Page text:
Fair Policy, Fair Discussion

July 22, 2010

An Arab-Israeli Dialogue for Peace

Several generations have now grown up with the Israeli-Palestinian conflict.  Central to that reality has been the start and stop of Arab-Israeli peace talks, which always seem to take one step forward and then three back.  But in some areas of the world, most recently on Capitol Hill in Washington, D.C., talks between Arabs and Israelis are continually moving forward with the same message: peace.

Yesterday I attended a discussion hosted by Americans for Peace Now (APN), which featured Ori Nir of APN and Hussein Ibish of the American Task Force on Palestine. While their speeches, comments, and answers to questions were certainly insightful, the most striking lesson that I left the brown bag lunch with was the plain and simple fact that an Arab and an Israeli could talk with one another and agree upon the most basic desire for anyone involved in the Middle East: peace in Israel/Palestine.

Now, at first that sounds rather silly to come out of such a discussion focusing on this basic and fairly self-evident thought.  However, from my short time working on the Israeli/Palestinian conflict, and especially how it is approached in the United States, I have found that many people deeply involved in the issue have lost sight of that basic fact.  We all want the same thing.  Jewish Israelis, Arabs, American Jews and Arab-Israelis all deeply desire peace.  The main problem of the specific terms of peace still appears insurmountable at times, but the end goal is a common one.

At the talk, which was open by invitation to interns on Capitol Hill in hopes of inspiring the younger generation to work towards a comprehensive peace, of course the standard topics of two-state versus one-state solution, Hamas, the future of Fatah, Palestinian state-building efforts, the effect of the American government, etc. were all touched upon.  Listening to the complexity of the issue unravel before you, the probability of a successful two-state solution not only seems far off but shrouded in complicating factors and misleading stereotypes held by all sides.  But unlike most talks on this issue that I have attended, I came away from this one optimistic and uplifted by the image of an Israeli and an Arab both speaking passionately about the need for peace – the need not only just for the Palestinians and Israelis, but for all Americans, all Arabs, and the world to realize this peace.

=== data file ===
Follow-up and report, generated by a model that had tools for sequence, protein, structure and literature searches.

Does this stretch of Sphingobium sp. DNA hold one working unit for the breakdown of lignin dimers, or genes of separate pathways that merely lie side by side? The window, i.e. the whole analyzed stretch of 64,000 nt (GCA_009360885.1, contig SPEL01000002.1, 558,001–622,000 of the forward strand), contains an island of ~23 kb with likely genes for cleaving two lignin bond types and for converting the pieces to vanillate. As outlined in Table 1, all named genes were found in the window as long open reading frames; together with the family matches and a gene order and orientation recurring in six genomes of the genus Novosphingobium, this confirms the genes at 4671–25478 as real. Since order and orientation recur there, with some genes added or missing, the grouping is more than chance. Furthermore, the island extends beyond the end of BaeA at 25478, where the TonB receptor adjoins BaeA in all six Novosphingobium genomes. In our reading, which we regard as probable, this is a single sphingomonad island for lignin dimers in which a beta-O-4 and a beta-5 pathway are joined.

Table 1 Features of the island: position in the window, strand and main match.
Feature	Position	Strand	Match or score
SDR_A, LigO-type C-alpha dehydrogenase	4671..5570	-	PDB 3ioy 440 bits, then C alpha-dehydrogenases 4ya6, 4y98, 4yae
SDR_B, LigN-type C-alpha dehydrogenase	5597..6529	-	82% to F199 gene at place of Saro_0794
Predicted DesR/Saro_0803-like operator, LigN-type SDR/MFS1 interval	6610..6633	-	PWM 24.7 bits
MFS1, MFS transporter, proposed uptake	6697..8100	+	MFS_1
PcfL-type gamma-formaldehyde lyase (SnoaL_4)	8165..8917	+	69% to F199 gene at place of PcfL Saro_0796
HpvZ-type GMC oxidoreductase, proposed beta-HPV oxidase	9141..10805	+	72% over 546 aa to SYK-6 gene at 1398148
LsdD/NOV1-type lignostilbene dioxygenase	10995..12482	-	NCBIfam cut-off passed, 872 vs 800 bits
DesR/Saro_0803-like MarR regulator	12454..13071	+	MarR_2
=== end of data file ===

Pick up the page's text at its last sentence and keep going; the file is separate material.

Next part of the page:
Peace can and must come to pass in this conflict, which has continued throughout not just my lifetime but my parents’ lifetimes as well.  Such a peace can only succeed if all parties stop focusing on what the other side is doing wrong and instead recognize that they are not the only party with dear interests at stake.  I am entirely aware that my statements now are highly idealistic and that peace is complicated by many factors, not least of which is the imbalance of power between Israel and the Palestinians.  But without reminding ourselves to think of all the interests involved in the issue and the common-held desire to see peace within our lifetimes, I believe that a true, successful peace will be lost.

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2 Comments »

  1. Peace is so much desired that the word itself can be used as a smokescreen to cover a continuous process of land acquisition by one side and loss of that land by another.

    Would you say that there is “peace” in the occupied territories at present? There are no armies in battle, no formal “hostilities” with active front lines.

    Termites, who tunnel within a piece of wood until there is no body to the wood behind the surface, can do their work without disturbance, yet the wood is lost as surely as if it had been set aflame.

    The most skillful conqueror will constantly speak of peace and the need to defend himself. The United States perfected the method in the 19th century and all that remains of Native-American lands that covered the continent are isolated reservations and thousands of interesting place-names.

    Comment by Clif Brown — July 22, 2010 @ 1:05 pm | Reply

    • I agree, Clif, that many holding and not holding leadership positions proclaim they desire peace while at the same time promoting actions which undermine peace. However, I believe that if the desire for peace exists within substantial segments of the Jewish-Israeli, American Jewish, Arab and Palestinian communities then we should never lose hope. Yes their visions of peace are radically different and provide almost insurmountable blocks. But I think that recognizing the common basic desire for peace is essential to re-invigorating real potential for peace and discrediting defensive stances on both sides.

      Comment by quinnconnors — July 22, 2010 @ 1:37 pm | Reply


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